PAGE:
And now, we will look at, as we get the money, as get the budget from our Congress, we will look at what we can provide this year. We will continue to work on the issues of monitoring, and we will expect -- we intend to be, continue to be a significant donor to the North Korean food programs.

QUESTION: You don't want to say, "We will be a --"

MR. BOUCHER: We will be a significant donor to North Korean food aid programs.

QUESTION: We just linked it to the -- to improve the access for the World Food Program monitors. Suppose they stonewall as they have been?

MR. BOUCHER: As I said, we've tried, and we and other donors have tried very hard to take into account to resolve these problems on monitoring and we will continue to do that. Our expectation is that we will be able to do that. That is a concern, though, that's not something particular to the United States. That's something that is widely shared in the donor community and that the donors together, with whatever resources we and others decide to provide, will address with the North Koreans.

QUESTION: But so far as I know the North Koreans are showing no receptivity at all. You contacted them last August and you still have not heard from them.

MR. BOUCHER: That's true. But, as I said, it's not just the United States at this point. It's the United States, it's other donors, it's NGOs, it's European Union, it's World Food Program. We'll all want to see these issues resolved and I hope we will be able to do so. Remember, the bottom line is we want to give food to needy North Koreans. The President referred to this again today. As I've said, we were quite prepared to talk to him about food among other things. But, the point is we need to make sure it gets to the people who need it and that will be an ongoing issue, I'd say.

QUESTION: But the President's remarks indicated that food and energy were part of the bold initiative of last fall which didn't go forward for reasons that we all are aware of. I didn't think that food was part of the package that he alluded to.

MR. BOUCHER: Certainly, food, the continuing supply of food was one of the things we're happy to mention to North Korea whenever we discuss moving forward in our relationship. But we have also made clear that the continuing the supply of food from the United States is based on the needs of people in North Korea, the situation that they face and our desire to help the people of North Korea with food. It's not conditioned on any political factors, nor is it part of a political package that was suspended or the other moves that were not possible because of the nuclear programs.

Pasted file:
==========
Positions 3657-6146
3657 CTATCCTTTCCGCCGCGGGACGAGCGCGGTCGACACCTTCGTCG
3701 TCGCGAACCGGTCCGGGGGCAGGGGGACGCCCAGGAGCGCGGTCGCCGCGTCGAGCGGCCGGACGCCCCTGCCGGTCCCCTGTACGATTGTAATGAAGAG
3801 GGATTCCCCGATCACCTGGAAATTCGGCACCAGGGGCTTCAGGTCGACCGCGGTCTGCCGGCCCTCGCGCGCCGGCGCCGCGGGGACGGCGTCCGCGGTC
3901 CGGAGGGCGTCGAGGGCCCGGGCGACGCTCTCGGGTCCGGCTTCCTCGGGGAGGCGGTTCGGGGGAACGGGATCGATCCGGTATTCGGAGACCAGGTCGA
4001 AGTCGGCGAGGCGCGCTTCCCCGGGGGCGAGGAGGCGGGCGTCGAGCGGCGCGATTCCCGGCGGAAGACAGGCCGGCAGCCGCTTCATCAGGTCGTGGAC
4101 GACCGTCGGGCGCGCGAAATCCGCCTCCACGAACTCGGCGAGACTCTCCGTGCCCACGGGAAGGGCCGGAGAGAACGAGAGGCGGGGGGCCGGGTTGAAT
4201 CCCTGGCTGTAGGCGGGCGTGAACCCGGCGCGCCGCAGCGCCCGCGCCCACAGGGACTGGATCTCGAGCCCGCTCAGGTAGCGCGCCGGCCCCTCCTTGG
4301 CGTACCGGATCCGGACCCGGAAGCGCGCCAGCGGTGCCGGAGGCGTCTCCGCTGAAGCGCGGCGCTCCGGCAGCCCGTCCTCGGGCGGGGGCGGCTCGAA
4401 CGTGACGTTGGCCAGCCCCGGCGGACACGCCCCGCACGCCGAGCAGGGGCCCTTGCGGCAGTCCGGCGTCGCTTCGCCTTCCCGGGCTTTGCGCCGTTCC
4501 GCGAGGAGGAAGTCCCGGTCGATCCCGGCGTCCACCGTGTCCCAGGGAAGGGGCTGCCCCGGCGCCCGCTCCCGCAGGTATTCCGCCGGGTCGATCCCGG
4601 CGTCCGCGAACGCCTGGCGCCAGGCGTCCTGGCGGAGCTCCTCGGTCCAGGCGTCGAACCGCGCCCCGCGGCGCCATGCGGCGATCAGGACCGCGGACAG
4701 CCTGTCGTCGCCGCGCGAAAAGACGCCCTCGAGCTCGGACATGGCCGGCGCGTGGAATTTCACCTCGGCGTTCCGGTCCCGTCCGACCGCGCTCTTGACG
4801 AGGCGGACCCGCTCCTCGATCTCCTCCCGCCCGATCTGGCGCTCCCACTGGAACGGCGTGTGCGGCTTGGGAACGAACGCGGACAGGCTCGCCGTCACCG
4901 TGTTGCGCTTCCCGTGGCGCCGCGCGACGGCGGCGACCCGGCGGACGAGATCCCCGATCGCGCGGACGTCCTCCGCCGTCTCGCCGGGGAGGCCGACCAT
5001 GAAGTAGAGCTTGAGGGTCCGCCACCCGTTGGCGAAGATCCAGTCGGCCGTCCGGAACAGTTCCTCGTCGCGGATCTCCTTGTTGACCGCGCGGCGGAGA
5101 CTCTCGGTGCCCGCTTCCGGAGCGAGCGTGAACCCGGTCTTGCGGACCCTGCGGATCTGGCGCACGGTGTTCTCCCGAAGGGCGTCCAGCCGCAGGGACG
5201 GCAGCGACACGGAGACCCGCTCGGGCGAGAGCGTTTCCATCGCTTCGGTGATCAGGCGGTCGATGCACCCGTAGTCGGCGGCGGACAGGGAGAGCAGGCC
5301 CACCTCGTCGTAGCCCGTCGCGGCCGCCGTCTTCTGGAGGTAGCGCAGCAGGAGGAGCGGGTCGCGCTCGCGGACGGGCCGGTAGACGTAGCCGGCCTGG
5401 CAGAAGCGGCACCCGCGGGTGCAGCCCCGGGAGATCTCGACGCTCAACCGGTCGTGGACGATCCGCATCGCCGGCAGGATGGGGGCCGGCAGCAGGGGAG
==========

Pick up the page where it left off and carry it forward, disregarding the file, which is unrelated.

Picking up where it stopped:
QUESTION: Well, the President seemed to make a link. Whether he intended to or not, that's the way it came out.

MR. BOUCHER: I -- no. I think the President's been clear on this at different times, and that the fact that food was one of the topics of discussion as we discussed that package doesn't mean, quite obviously, as we've said, that it's suspended like the other parts of the package.

QUESTION: Well, since the President mentioned the bold initiative, are you prepared to say in even in at least in general terms what the administration has in mind if they do dismantle?

MR. BOUCHER: I don't think it's time at this point to go trying to describe it in any great detail.

QUESTION: No, I said in general terms.

MR. BOUCHER: Or even in specifics of generalities. (Laughter). I don't want to start naming areas beyond the ones the President named is what I'm trying to say.

QUESTION: You can't even say trade?

MR. BOUCHER: Generally we know that North Korea has been interested in recognition, respect, economic relations with the world. But what North Korea is finding from us and other people in the world is they're not getting those things because they've embarked on these nuclear programs.

Assistant Secretary Kelly, when he was in North Korea, as we've said, and I think we described it a little more at the time, said that we were prepared to take a bold approach to the relationship and we were prepared to do things as they did things on the issues of concern to us, to resolve some of the other issues in the relationship. But that was made impossible because we found they weren't meeting commitments they'd already made. And we have made clear at this point that they need to meet those commitments in the nuclear area and then we'll see. As the President said, we'll have to reconsider how we can proceed on those other matters.